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The M.A.R.C.H Algorithm – Respiration

The M.A.R.C.H Algorithm – Respiration

The MARCH algorithm is laid out differently from Advanced Trauma Life Support (ATLS) which used Airway, Breathing, and Circulation (ABC’s) as the order of treatment. MARCH stands for Massive Hemorrhage, Airway, Respiration, Circulation, Hypothermia/Head injury. Respiration consists of penetrating thoracic trauma.

When it comes to penetrating thoracic trauma, it is important to systematically check the entire torso for wounds, from the umbilicus to the clavicle, including the axillae and any folds of skin. Medics often use a raking motion in opposite or off angle directions to assist in identifying difficult to see or smaller wounds.

 

An open chest wound, sometimes referred to as a “sucking chest wound”, will trap air in the chest, creating a pneumothorax. If too much air builds up, it will create enough pressure to become a tension pneumothorax, which can lead to decreased function in the non-injured lung and heart and could lead to death.

 

According to the Committee on Tactical Combat Casualty Care, assessing and treating tension pneumothorax should progress as follows:

Suspect a tension pneumothorax and treat when a casualty has significant torso trauma or primary blast injury and one or more of the following:

  • Severe or progressive respiratory distress
  • Severe or progressive tachypnea
  • Absent or markedly decreased breath sounds on one side of the chest
  • Hemoglobin oxygen saturation < 90% on pulse oximetry
  • Shock
  • Traumatic cardiac arrest without obviously fatal wounds

If not treated promptly, tension pneumothorax may progress from respiratory distress to shock and traumatic cardiac arrest.

All open and/or sucking chest wounds should be treated by immediately applying a vented chest seal to cover the defect. If a vented chest seal is not available, use a non-vented chest seal. If you must use a non-vented chest seal, then you must be vigilant in continued patient assessment, as air from the damaged lung may continue to build up inside the chest. For the layperson, this means “burping” the dressing to release air. For providers, this means needle decompression, finger thoracotomy, or tube thoracostomy.

Initial treatment of suspected tension pneumothorax:

  • If the casualty has a chest seal in place, burp or remove the chest seal.
  • Establish pulse oximetry monitoring.
    • All individuals with moderate/severe TBI should be monitored with pulse oximetry. Readings may be misleading in the settings of shock or marked hypothermia.
  • Place the casualty in the supine or recovery position unless he or she is conscious and needs to sit up to help keep the airway clear as a result of maxillofacial trauma.
  • Decompress the chest on the side of the injury with a 14-gauge or a 10-gauge, 3.25-inch needle/catheter unit.
  • If a casualty has significant torso trauma or primary blast injury and is in traumatic cardiac arrest (no pulse, no respirations, no response to painful stimuli, no other signs of life), decompress both sides of the chest before discontinuing treatment.
    • Either the 5th intercostal space (ICS) in the anterior axillary line (AAL) or the 2nd ICS in the mid-clavicular line (MCL) may be used for needle decompression (NDC.) If the anterior (MCL) site is used, do not insert the needle medial to the nipple line.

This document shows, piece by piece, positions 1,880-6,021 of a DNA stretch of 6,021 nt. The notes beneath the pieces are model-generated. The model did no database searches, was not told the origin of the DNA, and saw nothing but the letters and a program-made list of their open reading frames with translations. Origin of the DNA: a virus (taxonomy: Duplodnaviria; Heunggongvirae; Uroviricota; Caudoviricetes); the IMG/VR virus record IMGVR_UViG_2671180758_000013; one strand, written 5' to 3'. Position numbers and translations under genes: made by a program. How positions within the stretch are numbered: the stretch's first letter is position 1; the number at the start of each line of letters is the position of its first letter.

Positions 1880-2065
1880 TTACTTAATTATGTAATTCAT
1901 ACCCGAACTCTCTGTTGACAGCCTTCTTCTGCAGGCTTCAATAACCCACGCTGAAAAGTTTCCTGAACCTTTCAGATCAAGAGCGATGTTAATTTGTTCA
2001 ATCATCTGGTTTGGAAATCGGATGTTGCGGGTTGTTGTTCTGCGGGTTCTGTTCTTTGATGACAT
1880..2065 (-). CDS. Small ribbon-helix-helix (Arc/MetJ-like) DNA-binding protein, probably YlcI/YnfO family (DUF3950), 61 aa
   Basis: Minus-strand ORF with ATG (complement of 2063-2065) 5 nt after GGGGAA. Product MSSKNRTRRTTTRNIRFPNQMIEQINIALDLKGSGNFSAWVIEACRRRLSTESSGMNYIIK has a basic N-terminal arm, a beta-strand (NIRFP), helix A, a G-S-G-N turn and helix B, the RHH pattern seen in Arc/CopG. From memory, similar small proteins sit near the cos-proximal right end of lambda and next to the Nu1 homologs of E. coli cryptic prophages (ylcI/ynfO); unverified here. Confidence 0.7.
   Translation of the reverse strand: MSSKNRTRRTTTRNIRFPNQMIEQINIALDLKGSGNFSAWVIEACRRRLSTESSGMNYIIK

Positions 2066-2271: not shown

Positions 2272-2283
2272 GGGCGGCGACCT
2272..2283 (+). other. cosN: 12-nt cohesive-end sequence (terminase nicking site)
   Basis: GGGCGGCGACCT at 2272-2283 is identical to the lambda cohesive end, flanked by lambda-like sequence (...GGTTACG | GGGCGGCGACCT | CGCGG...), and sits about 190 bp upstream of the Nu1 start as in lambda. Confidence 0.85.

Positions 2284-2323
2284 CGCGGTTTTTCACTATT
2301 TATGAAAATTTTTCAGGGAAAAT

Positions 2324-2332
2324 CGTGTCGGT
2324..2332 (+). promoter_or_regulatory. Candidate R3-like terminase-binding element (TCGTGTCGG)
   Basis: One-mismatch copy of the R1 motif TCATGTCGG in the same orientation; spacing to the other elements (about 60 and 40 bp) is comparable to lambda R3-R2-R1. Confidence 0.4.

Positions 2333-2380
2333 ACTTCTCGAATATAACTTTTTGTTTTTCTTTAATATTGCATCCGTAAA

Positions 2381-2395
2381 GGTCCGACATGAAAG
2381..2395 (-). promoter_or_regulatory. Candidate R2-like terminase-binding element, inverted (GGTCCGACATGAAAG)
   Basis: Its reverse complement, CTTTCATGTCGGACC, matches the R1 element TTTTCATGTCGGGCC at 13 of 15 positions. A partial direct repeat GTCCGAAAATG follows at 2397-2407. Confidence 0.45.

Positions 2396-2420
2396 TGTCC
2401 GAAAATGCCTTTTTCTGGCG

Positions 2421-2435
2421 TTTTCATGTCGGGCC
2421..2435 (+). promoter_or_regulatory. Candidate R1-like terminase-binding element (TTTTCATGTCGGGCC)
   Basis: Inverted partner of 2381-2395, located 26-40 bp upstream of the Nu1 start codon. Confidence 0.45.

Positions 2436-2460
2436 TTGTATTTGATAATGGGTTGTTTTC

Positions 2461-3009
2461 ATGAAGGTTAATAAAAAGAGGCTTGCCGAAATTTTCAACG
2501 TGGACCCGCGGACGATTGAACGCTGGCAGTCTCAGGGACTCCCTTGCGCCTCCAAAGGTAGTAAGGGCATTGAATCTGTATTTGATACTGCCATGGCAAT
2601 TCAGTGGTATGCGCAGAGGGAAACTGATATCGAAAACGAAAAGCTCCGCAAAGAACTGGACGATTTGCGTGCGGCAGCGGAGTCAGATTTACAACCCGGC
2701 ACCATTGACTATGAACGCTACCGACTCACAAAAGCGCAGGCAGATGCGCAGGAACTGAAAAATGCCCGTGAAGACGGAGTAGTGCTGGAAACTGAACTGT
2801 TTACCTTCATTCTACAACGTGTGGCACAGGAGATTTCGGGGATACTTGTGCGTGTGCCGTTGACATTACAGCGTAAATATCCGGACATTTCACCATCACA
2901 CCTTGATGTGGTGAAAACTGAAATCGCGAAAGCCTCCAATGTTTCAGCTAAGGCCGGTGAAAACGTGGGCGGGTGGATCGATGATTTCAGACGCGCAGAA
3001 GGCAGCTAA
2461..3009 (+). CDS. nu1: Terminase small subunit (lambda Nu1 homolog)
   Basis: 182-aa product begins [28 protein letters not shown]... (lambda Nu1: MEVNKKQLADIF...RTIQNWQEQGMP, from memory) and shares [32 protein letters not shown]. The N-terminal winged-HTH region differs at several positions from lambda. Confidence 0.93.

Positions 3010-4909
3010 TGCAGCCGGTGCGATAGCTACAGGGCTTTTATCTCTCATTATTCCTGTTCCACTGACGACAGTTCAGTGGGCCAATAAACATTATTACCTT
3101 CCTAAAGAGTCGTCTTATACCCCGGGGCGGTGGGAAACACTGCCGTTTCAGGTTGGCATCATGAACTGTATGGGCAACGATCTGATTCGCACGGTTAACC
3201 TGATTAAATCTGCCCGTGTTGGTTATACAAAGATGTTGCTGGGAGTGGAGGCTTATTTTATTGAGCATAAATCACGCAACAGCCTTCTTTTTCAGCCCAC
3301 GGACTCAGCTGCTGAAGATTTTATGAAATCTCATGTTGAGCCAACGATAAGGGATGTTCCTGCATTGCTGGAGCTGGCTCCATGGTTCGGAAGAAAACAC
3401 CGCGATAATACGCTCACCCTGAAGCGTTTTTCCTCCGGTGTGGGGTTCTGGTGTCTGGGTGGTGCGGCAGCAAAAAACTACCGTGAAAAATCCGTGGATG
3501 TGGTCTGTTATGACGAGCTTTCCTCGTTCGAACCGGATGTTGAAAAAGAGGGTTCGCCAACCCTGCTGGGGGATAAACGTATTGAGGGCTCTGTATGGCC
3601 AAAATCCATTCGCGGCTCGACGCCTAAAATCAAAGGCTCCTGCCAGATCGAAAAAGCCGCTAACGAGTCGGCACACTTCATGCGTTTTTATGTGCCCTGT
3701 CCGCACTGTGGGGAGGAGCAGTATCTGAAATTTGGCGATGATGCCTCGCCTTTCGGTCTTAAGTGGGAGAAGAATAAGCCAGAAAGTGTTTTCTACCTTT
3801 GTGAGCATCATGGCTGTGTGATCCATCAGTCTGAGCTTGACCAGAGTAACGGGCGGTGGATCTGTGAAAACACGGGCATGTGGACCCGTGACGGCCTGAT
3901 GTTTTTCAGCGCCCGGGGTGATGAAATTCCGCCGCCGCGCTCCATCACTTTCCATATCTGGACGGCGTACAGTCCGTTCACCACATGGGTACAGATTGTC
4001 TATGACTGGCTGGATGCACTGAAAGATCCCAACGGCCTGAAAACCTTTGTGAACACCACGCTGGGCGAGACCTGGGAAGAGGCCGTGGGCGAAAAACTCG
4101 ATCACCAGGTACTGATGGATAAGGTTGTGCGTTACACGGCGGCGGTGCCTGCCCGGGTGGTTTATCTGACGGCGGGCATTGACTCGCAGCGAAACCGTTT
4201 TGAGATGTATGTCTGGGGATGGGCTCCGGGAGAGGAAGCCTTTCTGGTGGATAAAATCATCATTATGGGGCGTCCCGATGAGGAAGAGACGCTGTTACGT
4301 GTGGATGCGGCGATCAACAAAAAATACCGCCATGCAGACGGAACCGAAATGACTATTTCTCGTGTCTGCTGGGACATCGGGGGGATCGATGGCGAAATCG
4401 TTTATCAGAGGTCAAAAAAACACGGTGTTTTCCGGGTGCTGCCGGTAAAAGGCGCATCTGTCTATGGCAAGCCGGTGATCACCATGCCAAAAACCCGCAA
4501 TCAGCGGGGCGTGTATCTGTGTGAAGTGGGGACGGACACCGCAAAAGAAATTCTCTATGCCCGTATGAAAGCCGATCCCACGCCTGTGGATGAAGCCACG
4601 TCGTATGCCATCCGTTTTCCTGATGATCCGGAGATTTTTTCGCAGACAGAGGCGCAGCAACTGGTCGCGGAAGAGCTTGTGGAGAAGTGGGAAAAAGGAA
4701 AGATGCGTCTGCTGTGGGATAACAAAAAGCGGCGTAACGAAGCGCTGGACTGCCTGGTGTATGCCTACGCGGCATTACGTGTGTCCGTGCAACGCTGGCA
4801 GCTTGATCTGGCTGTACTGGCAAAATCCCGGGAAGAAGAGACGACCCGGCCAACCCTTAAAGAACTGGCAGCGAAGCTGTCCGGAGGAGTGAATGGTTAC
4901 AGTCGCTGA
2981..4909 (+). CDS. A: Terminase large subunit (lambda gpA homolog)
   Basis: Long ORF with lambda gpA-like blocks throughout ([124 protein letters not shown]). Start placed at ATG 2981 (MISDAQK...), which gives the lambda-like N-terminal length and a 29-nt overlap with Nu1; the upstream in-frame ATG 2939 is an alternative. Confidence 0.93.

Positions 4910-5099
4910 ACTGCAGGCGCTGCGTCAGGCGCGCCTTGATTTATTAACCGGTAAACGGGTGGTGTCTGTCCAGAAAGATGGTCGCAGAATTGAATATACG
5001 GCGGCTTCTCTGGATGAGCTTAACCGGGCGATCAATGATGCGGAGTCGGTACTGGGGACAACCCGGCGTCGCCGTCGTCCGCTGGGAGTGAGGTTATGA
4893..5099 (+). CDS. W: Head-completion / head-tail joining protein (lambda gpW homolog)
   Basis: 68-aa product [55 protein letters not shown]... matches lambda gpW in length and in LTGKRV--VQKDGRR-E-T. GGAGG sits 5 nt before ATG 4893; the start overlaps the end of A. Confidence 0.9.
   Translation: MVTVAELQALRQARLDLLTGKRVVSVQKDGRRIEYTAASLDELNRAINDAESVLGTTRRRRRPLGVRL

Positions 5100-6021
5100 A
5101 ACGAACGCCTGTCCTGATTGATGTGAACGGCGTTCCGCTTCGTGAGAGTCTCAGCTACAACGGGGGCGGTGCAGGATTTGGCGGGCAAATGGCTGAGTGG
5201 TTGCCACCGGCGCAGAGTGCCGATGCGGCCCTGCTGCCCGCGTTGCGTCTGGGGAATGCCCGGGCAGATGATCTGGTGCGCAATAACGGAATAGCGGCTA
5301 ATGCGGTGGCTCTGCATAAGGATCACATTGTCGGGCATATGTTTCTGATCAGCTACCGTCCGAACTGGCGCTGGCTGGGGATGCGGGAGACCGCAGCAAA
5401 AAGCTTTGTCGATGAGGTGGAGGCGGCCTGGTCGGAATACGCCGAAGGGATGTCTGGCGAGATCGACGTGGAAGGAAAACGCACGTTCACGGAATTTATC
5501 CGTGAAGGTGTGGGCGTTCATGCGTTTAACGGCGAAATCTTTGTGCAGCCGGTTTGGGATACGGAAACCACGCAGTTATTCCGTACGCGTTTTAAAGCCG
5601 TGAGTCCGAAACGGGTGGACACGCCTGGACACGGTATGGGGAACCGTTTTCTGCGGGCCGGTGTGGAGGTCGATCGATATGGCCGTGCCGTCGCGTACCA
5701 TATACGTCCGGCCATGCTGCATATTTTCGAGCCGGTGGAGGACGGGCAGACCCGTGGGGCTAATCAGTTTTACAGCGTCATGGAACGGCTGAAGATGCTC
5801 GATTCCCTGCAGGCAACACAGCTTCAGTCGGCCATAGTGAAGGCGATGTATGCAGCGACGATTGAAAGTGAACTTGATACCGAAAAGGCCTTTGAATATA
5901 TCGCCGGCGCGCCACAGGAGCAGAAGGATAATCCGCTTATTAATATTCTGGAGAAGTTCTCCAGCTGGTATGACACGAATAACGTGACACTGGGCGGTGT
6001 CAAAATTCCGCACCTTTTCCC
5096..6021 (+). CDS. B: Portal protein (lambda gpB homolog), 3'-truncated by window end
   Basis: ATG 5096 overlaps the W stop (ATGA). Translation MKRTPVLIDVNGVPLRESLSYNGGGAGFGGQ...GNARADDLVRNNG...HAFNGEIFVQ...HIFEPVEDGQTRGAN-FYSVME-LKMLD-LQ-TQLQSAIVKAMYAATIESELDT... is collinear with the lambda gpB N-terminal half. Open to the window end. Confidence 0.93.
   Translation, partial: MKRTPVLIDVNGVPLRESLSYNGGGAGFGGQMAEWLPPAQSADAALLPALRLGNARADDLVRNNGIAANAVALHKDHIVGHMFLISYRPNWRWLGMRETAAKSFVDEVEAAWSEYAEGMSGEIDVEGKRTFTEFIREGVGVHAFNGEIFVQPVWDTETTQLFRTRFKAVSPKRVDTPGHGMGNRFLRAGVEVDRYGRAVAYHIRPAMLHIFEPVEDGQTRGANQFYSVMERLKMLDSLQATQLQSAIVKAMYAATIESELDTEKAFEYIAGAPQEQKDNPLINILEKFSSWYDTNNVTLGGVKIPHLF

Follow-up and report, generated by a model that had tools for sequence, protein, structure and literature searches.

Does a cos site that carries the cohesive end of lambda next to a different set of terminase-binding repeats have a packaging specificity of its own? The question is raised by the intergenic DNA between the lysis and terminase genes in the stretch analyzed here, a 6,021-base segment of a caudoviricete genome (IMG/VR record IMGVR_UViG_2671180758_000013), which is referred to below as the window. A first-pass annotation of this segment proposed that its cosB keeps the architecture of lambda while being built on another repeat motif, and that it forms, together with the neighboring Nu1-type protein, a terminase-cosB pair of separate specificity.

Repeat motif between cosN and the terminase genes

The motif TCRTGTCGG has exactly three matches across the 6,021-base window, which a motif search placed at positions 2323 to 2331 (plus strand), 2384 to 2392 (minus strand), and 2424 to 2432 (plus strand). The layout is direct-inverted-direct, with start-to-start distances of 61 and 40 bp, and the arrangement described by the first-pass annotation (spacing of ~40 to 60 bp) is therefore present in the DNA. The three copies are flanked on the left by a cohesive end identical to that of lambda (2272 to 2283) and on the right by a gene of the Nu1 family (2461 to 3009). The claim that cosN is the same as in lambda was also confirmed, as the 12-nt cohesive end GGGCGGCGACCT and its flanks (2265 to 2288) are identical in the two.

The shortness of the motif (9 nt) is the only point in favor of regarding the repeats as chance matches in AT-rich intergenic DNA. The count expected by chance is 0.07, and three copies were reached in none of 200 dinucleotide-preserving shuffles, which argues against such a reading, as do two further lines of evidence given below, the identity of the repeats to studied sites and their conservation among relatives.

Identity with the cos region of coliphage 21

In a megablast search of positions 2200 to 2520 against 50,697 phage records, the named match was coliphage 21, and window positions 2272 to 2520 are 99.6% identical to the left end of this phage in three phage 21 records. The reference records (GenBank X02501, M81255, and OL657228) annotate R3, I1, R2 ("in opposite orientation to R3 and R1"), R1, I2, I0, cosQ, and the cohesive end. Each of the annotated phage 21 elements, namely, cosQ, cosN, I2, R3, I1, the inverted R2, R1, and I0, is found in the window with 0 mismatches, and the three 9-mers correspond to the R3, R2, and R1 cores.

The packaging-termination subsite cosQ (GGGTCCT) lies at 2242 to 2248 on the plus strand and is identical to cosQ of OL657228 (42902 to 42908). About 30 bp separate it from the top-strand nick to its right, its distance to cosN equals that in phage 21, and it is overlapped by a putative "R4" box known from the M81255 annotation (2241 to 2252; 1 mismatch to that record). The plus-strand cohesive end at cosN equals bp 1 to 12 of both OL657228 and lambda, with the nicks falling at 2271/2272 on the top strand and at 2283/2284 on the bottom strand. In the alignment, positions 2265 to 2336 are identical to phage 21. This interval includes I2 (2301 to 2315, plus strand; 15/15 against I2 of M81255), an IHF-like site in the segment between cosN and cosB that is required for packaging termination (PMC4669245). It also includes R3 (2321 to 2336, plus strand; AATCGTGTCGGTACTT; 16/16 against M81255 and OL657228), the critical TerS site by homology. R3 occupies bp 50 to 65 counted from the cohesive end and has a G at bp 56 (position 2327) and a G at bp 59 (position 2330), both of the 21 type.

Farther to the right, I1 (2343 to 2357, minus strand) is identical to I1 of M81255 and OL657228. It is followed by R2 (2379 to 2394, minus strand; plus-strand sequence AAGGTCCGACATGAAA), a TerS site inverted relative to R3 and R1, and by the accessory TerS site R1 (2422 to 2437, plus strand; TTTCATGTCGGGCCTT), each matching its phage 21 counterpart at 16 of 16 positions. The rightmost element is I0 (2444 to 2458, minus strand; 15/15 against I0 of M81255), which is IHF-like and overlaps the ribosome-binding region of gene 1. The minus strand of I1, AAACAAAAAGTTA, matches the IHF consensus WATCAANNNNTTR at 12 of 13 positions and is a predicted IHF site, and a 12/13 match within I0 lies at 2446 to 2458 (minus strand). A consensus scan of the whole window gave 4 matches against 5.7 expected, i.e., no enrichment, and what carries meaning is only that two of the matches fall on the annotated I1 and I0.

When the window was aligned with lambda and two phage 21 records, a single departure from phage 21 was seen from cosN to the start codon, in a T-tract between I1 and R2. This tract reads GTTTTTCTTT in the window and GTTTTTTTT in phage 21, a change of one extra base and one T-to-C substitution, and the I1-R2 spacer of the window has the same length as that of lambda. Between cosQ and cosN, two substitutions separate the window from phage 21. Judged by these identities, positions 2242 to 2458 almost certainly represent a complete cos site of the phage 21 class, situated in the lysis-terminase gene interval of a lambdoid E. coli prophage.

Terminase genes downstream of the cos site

• The needle/catheter unit should be inserted at an angle perpendicular to the chest wall and just over the top of the lower rib at the insertion site. Insert the needle/catheter unit all the way to the hub and hold it in place for 5-10 seconds to allow decompression to occur.
    • After the NDC has been performed, remove the needle and leave the catheter in place.

The NDC should be considered successful if:

  • Respiratory distress improves, OR
  • There is an obvious hissing sound as air escapes from the chest when NDC is performed (this may be difficult to appreciate in high-noise environments), OR
  • Hemoglobin oxygen saturation increases to 90% or greater (note that this may take several minutes and may not happen at altitude), OR
  • A casualty with no vital signs has return of consciousness and/or ` radial pulse.

If the initial NDC fails to improve the casualty’s signs/symptoms from the suspected tension pneumothorax:

  • Perform a second NDC on the same side of the chest at whichever of the two recommended sites was not previously used. Use a new needle/catheter unit for the second attempt.
  • Consider, based on the mechanism of injury and physical findings, whether decompression of the opposite side of the chest may be needed.
  • Continue to re-assess!

If the initial NDC was successful, but symptoms later recur:

  • Perform another NDC at the same site that was used previously. Use a new needle/catheter unit for the repeat NDC.
  • Continue to re-assess!

If the second NDC is also not successful:

  • Continue on to the Circulation section of the TCCC Guidelines.

These recommendations are from the TCCC Guidelines which can be found at: https://www.deployedmedicine.com/content/40

Tools to Aid in Respiration

TacMed™ Solutions offers a variety of products built to help with this respiratory emergencies including HALO™ Chest Seals, TPAKS for Needle Decompression, a Standard and Complete Chest Tube Kit, a Basic Chest Wound Kit and more. To stock your kit with essential tools, check out TacMed™ Solutions at https://tacmedsolutions.com/collections/m-a-r-c-h-tccc/respiratory.

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